There were 15 serous cancers observed in the control group, and our calculations show that as we continue follow-up, there will be 45.1 serous ovarian cancers in this group by 2027. It is difficult to determine the preventable fraction given that we did not observe any serous cancers in our OS group. The least conservative interpretation would be that OS prevents all serous cancers, but more realistically it is probably more in line with the prevention achieved by risk-reducing salpingo-oophorectomy in patients with a BRCA variant, which is on the order of 80%.5 For example, if an estimated 200 000 individuals underwent hysterectomy without salpingectomy and a tubal ligation (instead of an OS) in Canada between 2011 and 2016, then on the basis of a 1% lifetime risk of HGSC and an assumed 80% effectiveness of OS, 1600 future cases of HGSC could theoretically have been prevented. Thus, although the numbers presented here are small, uptake of OS on a larger scale could be associated with the incidence of HGSCs nationally and internationally.
These findings may also further our understanding of the origin for HGSCs. Twenty years ago in a provocative editorial,25 it was suggested that the ovarian surface epithelium may not be the tissue of origin for ovarian carcinomas. Shortly afterward, detailed analysis of fallopian tubes and ovaries from BRCA variant carriers found tubal dysplastic lesions, now called serous tubal intraepithelial carcinomas, but no ovarian pathology.26 Systematic analysis of fallopian tubes and ovaries in many studies has since shown that serous tubal intraepithelial carcinomas are found in individuals with BRCA variants, also alongside sporadic and incidental HGSCs but not in the general population.7,27-30 Genomic studies have confirmed the clonal association between serous tubal intraepithelial carcinomas and HGSC, and transgenic mice with mutated fallopian tube cells produce histologically perfect HGSCs.31,32 However, there are data supporting potential primary ovarian origins of some HGSCs, including mouse models and expression data; thus, it is possible that some HGSCs arise from ovarian surface epithelium or endosalpingiosis.33,34 However, despite detailed analysis in many studies, credible ovarian HGSC precursors have not been described. Ultimately, expansion of the data presented here will determine the relative portion of HGSCs that originate in the fallopian tube vs the ovary.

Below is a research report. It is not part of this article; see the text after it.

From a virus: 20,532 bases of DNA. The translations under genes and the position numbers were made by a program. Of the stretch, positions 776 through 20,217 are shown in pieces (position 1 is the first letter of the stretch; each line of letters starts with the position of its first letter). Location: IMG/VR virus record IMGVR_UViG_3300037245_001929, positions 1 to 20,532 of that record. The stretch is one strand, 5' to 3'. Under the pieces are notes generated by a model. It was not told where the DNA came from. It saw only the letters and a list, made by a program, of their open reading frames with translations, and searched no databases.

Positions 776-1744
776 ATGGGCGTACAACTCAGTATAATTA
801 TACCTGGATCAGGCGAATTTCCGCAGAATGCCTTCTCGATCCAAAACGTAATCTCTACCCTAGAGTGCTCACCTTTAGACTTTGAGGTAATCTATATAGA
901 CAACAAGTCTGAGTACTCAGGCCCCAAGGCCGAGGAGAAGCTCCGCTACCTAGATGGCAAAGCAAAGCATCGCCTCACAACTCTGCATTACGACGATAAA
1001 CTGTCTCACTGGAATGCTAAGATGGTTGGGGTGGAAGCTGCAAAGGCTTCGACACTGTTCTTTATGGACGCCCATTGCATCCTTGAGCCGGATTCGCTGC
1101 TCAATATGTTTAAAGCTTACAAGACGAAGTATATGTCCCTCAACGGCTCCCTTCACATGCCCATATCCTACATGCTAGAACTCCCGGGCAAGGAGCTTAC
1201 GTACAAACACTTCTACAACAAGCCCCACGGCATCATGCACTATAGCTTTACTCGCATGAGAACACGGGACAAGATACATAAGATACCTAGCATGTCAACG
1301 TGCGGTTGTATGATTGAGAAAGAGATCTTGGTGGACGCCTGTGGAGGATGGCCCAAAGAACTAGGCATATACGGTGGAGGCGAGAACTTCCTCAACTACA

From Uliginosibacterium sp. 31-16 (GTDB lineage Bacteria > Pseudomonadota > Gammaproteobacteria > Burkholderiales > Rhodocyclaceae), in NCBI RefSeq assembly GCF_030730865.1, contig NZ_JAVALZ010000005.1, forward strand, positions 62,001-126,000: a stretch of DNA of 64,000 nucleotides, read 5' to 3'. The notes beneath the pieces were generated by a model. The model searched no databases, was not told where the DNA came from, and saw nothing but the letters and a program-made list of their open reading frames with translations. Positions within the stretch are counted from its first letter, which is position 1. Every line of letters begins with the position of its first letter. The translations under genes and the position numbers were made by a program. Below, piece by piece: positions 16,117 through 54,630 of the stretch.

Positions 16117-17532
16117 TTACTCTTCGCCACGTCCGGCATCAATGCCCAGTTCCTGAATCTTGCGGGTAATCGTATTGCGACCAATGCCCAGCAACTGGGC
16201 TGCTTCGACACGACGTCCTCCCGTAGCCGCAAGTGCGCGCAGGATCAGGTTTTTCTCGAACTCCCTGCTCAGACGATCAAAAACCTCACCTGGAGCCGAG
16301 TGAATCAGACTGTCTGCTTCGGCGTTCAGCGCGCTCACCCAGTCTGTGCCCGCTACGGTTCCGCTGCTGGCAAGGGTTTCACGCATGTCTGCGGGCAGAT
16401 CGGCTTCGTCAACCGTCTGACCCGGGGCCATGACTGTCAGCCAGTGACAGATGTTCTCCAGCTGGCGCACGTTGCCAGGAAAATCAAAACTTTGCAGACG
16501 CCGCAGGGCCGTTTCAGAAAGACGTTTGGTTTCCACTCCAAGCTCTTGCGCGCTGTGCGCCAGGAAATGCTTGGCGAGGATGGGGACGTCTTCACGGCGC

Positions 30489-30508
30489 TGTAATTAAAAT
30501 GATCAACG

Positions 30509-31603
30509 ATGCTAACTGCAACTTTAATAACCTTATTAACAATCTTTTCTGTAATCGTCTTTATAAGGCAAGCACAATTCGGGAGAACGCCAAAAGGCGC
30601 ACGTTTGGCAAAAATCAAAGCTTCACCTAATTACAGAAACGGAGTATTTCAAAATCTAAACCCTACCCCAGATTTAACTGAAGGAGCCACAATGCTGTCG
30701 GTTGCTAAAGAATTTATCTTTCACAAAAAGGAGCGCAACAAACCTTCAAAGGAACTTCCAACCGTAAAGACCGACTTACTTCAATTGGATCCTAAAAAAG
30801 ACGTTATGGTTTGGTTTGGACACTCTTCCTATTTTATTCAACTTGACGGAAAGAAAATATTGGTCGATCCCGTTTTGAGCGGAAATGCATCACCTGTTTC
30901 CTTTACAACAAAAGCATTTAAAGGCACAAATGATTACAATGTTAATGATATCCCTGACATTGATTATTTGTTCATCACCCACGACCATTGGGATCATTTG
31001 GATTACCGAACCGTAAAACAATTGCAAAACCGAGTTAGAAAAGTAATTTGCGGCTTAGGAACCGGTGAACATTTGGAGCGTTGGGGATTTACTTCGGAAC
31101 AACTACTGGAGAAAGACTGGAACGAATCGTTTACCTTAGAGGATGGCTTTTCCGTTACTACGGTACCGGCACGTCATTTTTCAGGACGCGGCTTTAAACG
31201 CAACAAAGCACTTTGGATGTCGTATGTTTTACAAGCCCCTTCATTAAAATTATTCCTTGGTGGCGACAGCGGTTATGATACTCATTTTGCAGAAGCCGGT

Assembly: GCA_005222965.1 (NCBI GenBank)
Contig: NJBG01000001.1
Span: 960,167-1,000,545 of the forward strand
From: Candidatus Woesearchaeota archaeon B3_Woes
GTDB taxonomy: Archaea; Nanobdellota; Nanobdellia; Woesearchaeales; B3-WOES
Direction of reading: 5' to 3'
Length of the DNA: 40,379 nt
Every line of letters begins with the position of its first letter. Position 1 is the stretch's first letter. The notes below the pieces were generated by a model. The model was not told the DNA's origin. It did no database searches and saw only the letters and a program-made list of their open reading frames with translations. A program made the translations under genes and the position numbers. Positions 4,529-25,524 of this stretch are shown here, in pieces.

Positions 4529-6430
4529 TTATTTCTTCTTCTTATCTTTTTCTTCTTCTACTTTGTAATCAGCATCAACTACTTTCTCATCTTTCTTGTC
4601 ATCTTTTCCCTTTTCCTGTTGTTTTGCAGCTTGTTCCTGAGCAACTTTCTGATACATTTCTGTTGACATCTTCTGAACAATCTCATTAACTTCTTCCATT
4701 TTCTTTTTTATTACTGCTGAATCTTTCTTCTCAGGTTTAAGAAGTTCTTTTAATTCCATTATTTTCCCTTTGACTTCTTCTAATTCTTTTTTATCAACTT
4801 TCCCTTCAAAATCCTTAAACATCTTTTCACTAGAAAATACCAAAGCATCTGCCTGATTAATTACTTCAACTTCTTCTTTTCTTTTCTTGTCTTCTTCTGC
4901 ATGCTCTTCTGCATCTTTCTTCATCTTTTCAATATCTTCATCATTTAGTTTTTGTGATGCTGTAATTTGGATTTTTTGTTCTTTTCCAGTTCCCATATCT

Our findings are consistent with previous epidemiological research from the US, Denmark, and Sweden,17-19 which studied the association between excisional tubal surgery or salpingectomy and the risk of ovarian cancer among individuals with a medical indication for these procedures. The observed relative risks showed a 42% to 65% reduction in risk of ovarian cancer for individuals who underwent a major surgical procedure involving the fallopian tube.17-19 Furthermore, tubal ligation has long been recognized as being inversely associated with ovarian cancer risk, although the magnitude of the association is lower than those for the more extensive fallopian tube procedures mentioned already.35